share|improve this answer
    
Good point, some servers however do require access from anyone in the world, but it should only be through our IIS website... –  ioSamurai Jan 20 '11 at 17:01
2  
Then only allow port 80, or whatever your IIS is listening on- you shouldn't have your RDP port open to the world, ever. –  AliGibbs Jan 20 '11 at 17:03
    
So between the two samples I added above, are they similiar? Is it RDP? I don't know how to interpret them :/ –  ioSamurai Jan 20 '11 at 17:08
1  
Ryan- I would contact your hosting provider ASAP to request that the firewall in front of these servers is locked down to the ports that you need in the first instance. Then investigate these errors. –  AliGibbs Jan 20 '11 at 17:12
    
I guess I am not sure which ports I need, but I just wish I could turn off this thing they are trying to connect to, really I am trying to understand what exactly are they connecting to? Should I post another question asking someone to interpret these log entries? –  ioSamurai Jan 20 '11 at 17:20

What you are seeing is a brute force attack to gain access to the system using terminal services (RDP). From your Windows based PC: go to start, type run, then type mstsc and click enter. Type in your server's address. When prompted for a username and password just click the close dialog. Then, take a look at your server's security log. You'll see the same event that you are seeing coming from your IP address. You'll still want to block these punks at the firewall. Every time someone attempts an RDP session Windows will spin up winlogon.exe and csrss.exe (watch taskmgr). If they are attempting to logon several times a second your system will slow down.

share|improve this answer

Warning: those are successful attempts, meaning they logged into your server. At this point, I'd take the server offline and modify the firewall rules and patch up the server immediately. It sounds as though you only want port 80 open for the world, so just have that one open and deny the IP ranges of any countries/areas that you saw a ton of failed requests for, including this Ukraine range: 94.0.0.0/8 and this IP: 82.238.39.154. They can still get around it but it makes it a little more of a hassle for them.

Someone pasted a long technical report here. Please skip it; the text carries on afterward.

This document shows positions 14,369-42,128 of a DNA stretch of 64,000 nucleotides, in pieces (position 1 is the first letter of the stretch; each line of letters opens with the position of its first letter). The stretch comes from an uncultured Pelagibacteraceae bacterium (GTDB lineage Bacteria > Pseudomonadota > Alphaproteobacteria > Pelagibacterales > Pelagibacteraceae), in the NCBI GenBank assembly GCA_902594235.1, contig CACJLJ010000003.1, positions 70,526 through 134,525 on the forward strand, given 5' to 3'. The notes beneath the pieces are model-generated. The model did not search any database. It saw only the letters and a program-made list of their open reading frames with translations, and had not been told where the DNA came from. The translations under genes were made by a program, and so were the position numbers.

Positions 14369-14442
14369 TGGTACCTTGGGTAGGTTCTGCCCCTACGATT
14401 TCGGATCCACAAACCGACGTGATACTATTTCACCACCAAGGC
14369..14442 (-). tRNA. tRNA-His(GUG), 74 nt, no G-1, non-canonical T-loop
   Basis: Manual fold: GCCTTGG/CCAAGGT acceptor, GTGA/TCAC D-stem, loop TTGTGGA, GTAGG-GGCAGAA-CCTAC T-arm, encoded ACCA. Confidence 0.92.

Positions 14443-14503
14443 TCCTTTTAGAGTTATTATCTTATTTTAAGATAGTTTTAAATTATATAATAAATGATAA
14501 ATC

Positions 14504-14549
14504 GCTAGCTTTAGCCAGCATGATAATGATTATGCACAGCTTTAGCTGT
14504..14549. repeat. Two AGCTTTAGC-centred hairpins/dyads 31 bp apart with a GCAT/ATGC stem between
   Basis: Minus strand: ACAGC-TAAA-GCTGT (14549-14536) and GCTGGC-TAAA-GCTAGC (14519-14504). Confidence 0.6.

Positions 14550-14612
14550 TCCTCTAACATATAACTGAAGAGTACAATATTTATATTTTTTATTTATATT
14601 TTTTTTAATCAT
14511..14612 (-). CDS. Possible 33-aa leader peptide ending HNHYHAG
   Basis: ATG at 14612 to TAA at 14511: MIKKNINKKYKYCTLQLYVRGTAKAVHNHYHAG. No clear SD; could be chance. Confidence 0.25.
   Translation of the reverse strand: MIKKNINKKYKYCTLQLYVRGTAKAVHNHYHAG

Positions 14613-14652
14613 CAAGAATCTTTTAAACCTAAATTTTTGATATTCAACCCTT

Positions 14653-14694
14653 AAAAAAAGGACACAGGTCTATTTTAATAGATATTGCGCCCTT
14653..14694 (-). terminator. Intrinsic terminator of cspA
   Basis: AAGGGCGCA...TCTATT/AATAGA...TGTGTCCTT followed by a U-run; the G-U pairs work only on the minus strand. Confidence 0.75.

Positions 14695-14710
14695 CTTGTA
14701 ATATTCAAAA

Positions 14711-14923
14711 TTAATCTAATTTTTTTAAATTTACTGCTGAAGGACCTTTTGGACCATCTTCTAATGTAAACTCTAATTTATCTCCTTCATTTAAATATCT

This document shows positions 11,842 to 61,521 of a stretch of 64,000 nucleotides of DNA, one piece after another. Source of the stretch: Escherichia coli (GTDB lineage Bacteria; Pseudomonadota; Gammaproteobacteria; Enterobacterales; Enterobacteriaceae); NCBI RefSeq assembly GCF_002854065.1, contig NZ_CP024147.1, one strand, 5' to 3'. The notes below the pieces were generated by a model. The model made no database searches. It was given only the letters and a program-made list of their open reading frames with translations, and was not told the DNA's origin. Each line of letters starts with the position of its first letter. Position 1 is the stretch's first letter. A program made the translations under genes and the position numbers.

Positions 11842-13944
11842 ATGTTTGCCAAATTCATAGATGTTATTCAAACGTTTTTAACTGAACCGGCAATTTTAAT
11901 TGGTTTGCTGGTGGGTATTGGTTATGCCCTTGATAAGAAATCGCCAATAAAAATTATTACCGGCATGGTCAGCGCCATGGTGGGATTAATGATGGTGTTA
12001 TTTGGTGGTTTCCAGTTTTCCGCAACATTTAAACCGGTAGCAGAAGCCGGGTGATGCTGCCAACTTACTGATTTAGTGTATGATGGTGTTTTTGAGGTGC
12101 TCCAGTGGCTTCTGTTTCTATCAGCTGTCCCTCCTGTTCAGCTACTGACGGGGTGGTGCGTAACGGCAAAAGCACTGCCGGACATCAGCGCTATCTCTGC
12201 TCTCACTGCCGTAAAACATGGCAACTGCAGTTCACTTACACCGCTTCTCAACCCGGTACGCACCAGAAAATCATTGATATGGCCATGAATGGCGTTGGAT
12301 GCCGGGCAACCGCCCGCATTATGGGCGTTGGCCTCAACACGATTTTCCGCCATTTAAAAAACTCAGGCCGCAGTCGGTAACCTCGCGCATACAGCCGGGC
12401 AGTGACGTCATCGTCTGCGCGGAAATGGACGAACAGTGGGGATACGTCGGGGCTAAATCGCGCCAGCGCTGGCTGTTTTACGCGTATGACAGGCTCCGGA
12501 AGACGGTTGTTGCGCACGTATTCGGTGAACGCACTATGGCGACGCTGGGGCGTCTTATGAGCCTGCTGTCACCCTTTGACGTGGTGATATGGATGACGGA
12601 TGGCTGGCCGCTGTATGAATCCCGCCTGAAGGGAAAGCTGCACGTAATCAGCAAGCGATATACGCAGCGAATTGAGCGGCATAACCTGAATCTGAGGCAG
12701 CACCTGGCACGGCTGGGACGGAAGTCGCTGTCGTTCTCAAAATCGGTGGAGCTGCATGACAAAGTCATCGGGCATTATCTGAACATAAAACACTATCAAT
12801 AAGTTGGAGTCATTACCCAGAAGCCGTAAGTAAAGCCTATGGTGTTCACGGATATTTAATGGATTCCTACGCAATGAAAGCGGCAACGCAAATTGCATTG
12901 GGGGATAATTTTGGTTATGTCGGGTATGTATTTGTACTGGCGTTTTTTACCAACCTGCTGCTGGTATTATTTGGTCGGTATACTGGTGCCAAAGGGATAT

Also, these 2 machines (at least) need to be audited to see if they're clean: REANIMAT-328817 and COMPUTER.

After reading more, it doesn't appear that you have a decent firewall solution in place or configured properly. I would do the above and implement a proper firewall BEFORE placing the server back online. Also, you really can't trust those machines anymore as they likely have back-doors into them now; time to reimage or reinstall the OS, etc...

share|improve this answer
    
You are wrong. Yes, they are successful attempts. No, this does not indicate the user accessed the system. The event you are seeing will pop into the security log every time a user attempts an RDP connection. This is because the RDP establishes a connection anonymously before exchanging a username and password. –  David Apr 12 '11 at 6:18
    
I stand corrected. Good to know, thanks. –  jschorr Apr 14 '11 at 3:35